Did you know that exercise can help treat psoriasis?
Benefits of Exercise
Studies show that psoriasis patients are 7% heavier than those who aren’t afflicted with the disease. This statistic isn’t really surprising. Psoriasis patients probably aren’t the most active gym-goers. After all, who wants to expose lots of skin while wearing tank tops, short shorts or a bathing suit? During times of heavy flare-ups, patients probably prefer home-bound activities and avoid interactions with others whenever possible. Combining isolation and sedentary behavior with overeating and over drinking that tends to accompany depression and you have a recipe for weight gain.
Exercise will, of course, help restore overall health for anyone who chooses to move their body. But exercising to lose weight is especially important for psoriasis patients. Obesity can lead to chronic inflammation which can worsen psoriasis flare-ups. Our bodies tend to make more fat cells in response to increased inflammation, so it is even harder for obese psoriasis patients to lose weight.
Studies show that exercise helps reduce the risk of heart problems. It is especially important for psoriasis patients to do everything possible to keep their heart healthy because the skin condition places them at a higher risk of heart disease.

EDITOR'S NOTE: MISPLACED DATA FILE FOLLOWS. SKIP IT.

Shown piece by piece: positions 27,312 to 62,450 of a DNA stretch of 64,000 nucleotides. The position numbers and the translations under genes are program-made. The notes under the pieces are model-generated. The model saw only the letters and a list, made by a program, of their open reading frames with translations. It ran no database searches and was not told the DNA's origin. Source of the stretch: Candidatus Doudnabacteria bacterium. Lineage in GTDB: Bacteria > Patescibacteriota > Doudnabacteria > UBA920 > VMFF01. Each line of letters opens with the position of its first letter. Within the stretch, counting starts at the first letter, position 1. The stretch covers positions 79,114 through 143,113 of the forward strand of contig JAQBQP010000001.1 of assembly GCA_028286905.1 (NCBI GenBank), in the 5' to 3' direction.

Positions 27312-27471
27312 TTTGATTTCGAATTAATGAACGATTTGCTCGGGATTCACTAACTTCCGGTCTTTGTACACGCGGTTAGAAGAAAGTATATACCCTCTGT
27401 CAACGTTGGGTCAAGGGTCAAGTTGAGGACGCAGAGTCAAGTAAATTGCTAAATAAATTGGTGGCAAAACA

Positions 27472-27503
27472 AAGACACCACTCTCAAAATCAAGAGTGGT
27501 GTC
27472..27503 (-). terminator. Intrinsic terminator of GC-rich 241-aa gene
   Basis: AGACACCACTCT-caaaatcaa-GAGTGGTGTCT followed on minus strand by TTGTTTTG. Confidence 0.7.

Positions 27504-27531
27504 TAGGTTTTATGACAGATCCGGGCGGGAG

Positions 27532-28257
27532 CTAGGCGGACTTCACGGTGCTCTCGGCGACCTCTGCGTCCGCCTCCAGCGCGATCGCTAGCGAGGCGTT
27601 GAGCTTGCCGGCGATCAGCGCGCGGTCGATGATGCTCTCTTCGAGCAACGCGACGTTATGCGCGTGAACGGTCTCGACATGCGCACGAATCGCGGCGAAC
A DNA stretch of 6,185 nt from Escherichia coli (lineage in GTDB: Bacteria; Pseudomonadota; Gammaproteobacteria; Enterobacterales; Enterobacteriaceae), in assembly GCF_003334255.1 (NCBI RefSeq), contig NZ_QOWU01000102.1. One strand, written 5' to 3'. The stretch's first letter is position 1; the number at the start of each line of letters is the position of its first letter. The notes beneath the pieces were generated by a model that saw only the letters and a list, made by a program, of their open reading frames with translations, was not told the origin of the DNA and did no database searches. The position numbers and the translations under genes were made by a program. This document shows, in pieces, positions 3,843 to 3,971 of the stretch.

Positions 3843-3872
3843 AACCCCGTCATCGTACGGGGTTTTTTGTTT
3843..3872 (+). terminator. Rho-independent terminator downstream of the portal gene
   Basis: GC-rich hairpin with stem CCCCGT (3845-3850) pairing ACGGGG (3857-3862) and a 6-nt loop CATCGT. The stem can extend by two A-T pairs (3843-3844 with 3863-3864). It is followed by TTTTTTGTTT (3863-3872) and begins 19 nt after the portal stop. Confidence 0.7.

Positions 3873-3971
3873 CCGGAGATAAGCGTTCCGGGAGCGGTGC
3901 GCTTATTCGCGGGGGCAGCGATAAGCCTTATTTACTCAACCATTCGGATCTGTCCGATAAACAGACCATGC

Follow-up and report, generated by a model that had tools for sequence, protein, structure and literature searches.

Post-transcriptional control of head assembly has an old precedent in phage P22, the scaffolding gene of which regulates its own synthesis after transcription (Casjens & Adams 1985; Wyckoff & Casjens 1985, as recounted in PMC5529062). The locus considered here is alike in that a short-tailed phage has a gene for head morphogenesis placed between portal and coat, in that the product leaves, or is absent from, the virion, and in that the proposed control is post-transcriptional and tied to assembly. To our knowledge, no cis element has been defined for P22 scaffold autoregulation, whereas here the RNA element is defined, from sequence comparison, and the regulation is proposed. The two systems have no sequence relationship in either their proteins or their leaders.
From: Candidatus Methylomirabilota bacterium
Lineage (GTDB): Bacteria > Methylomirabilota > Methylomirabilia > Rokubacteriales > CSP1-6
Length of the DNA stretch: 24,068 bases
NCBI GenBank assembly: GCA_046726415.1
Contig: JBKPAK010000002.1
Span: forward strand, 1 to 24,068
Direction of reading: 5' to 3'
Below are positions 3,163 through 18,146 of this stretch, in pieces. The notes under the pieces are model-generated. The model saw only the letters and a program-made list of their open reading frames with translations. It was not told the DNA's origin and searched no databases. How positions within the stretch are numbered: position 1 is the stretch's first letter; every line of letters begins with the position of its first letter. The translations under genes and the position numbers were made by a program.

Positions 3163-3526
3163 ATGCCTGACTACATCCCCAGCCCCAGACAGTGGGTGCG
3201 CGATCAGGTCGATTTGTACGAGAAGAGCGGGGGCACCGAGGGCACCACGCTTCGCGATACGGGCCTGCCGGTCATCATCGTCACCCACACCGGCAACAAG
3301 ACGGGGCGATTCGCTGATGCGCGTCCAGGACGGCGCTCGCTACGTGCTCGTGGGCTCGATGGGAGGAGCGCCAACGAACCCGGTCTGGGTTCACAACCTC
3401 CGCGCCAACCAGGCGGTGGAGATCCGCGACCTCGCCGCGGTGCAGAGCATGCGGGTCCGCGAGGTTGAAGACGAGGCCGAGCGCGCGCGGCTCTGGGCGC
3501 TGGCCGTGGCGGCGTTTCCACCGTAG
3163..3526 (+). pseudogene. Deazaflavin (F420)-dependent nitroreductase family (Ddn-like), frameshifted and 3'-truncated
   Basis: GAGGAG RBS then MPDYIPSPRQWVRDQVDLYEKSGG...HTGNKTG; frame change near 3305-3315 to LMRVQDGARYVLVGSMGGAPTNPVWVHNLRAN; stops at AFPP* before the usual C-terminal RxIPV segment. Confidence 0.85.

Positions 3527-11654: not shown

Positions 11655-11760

General Exercise and Diet Tips
For best weight loss results, combine aerobic exercise and weight lifting. Start with gentle exercises like walking or light jogging. Gradually build up your endurance and strength.
Don’t forget that diet plays a major role in weight loss. Look for ways to include heart-healthy foods as part of a well-balanced diet. Avoid processed and fatty foods.
Challenges of Exercise
Many people with psoriasis face these challenges when exercising:
• Exposing skin (and unattractive flare-ups) in public can be embarrassing.
• Sustaining an injury that damages the skin might trigger psoriasis flare-ups.
• Sweat and friction in areas like the groin, breasts, and abdominal folds can worsen the condition of the skin.
• Increased joint pain for psoriatic arthritis patients (a condition that affects one in four people with psoriasis).
Tips for Exercise That Won’t Trigger Flare-Ups
• Before exercising, apply a lubricant to the areas likely to be irritated. Using petroleum jelly on the skin around the groin and under the breasts is a good idea. You can also try applying sweat-absorbent powder.
• Psoriatic arthritis patients should wait until inflammation is under control before beginning a workout regime. However, you should note that pain will actually get better with exercise.
• Wear loose-fitting clothing.
• Do everything possible to avoid trauma to your skin.
• Shower immediately after exercising. Gently wash skin; don’t rub or scrub.
• If you suspect friction or exercise-related flare-ups, use topical medication right away.
Guest blogger and fellow psoriasis sufferer Ann Allen shares her knowledge about psoriasis with various health sites. She is in the process of losing weight in an effort to bring her psoriasis under control. Ann combines exercise with weight loss injections.